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     Volume 5 Issue 86 | March 17, 2006 |

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Slice of Life

Drip Diary

Richa Jha

I looked at my hand, saw the mildly dirty band-aid, felt for my aching vein by pressing the hand over where the needle had poked me a day ago, and decided it must go. The little bandage kept reminding of the saline bottles looming over me, the depressing hospital corridors where the nurses kept discussing their love lives even as one of them tried poking in the needle from every possible angle to locate my vein in vain. It kept reminding me of the shooting pain as she, and later two of them together (!), fiddled with the needle half inside my body, and half in her paws. If I had screamed, and created a scene there, unlike my otherwise high threshold of pain resistance, it was because I felt like a hapless weakling with pinned limbs and trussed up body, ready to be slaughtered, all because of the most quirkily spelt ailment diarrhoea, and an even more horrible tasting vomiting, both incessant, and unrelenting! And because I felt cheated by my own system that had let down its defences so easily. Ungrateful lout.

And then, the band-aid also reminded me of the last fortnight where no one in my family has remained untouched by the same blessed germs with incalculable power to rush us to the toilet every two minutes and keep us there for days on end. In the case of my infant daughter, she had to be on I V fluid for three days in a row.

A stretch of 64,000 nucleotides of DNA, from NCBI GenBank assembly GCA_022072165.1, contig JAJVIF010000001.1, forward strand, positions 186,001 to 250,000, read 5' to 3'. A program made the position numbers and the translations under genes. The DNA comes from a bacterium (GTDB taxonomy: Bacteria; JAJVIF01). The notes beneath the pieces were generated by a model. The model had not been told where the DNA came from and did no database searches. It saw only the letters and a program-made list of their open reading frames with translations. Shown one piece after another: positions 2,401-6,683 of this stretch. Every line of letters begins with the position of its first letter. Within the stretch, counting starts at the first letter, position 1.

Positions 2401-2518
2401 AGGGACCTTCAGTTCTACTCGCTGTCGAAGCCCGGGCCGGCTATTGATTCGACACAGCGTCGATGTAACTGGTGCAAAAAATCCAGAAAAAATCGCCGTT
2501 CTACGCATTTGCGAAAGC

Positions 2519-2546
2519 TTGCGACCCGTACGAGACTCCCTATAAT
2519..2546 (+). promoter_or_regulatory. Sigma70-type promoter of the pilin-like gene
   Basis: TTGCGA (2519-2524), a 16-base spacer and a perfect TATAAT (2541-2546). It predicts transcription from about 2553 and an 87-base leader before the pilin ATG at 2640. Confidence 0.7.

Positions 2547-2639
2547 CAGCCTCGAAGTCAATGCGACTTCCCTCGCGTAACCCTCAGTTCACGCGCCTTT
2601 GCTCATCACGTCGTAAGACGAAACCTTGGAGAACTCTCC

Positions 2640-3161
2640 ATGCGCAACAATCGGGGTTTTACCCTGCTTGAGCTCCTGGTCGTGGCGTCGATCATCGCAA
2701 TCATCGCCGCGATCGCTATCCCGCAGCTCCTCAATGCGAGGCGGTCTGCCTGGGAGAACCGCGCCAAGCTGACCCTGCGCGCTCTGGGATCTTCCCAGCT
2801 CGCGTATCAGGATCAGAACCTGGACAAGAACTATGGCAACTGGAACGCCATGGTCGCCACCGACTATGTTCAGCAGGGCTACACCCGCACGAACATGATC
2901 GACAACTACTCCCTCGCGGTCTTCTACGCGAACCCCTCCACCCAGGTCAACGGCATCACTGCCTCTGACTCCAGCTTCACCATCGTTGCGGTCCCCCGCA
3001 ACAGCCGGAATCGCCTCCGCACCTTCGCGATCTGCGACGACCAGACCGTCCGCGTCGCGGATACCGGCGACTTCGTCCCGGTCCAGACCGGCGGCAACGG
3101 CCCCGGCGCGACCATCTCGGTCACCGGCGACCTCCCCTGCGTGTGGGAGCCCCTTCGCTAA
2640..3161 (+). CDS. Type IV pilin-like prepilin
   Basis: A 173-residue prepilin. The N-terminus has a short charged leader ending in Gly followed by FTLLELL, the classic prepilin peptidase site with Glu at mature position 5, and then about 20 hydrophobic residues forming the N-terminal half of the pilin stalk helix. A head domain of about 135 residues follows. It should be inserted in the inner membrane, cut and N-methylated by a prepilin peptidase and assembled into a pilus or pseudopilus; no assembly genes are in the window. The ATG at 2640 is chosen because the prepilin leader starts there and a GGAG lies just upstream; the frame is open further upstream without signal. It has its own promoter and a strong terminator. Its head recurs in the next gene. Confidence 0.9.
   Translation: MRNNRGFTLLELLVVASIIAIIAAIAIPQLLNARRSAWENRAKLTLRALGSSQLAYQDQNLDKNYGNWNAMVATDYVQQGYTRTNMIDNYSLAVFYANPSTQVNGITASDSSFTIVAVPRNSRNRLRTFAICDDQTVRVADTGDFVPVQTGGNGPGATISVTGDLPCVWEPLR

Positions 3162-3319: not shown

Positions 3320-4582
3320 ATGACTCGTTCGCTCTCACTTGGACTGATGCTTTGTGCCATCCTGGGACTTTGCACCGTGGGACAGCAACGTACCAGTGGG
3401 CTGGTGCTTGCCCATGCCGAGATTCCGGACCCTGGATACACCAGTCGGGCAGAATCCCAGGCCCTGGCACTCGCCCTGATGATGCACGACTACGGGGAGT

To top that, the Band-aid had also started itching along the edges. And so, I decided it would have to be ripped off and thrown away. I tried, gingerly, to begin with, because these rotten plasters take an eternity coming off while stretching your skin to infinity. But oddly enough, despite my try, the damned thing just wouldn't come off! The harder I tried, the more stoutly it pressed against my skin and stayed put!

Which is when, in the middle of this tussle, I was shocked to hear a squeaky voice saying, "Stop trying. It is no good. I am not going away in a hurry!"

For a while I was convinced it was either my loose motions taunting me flat faced, or this new boil that was just starting to erupt around the contours of my nose. So I listened carefully, waiting for the voice to reappear. Pat it came a second later saying, "Ha ha! No need to look elsewhere. I am right here, on your hand!"

I looked down to see the pestilent mini-plaster leering at me unashamedly. So now it had come to this! The stubborn little louse, first refusing to come off, and then mocking me with self assured alacrity!

I had every right to know why it was hell bent upon adorning my (by now) near-sickly hand.

"For your own good. I have your very best interest in mind. Trust me." Who could have bought that, least of all this person for whom the mere sight of this plaster was anathema.

"I don't believe you. And let me get on with my work, which on top priority basis is chucking you away." And I started scraping it off furiously from all sides. I was decidedly rude and visibly violent.

As if it helped. It stuck to where it was, and after a while remarked patiently, "Might as well give up, and listen to what I have to say."

I gave up, only temporarily, just to hear what the holy one had to say. Maybe he was suggesting some kind of psychic link between its continued presence on person, and the quick cure of the running tummy. So I stopped scraping, looked at it, and waited.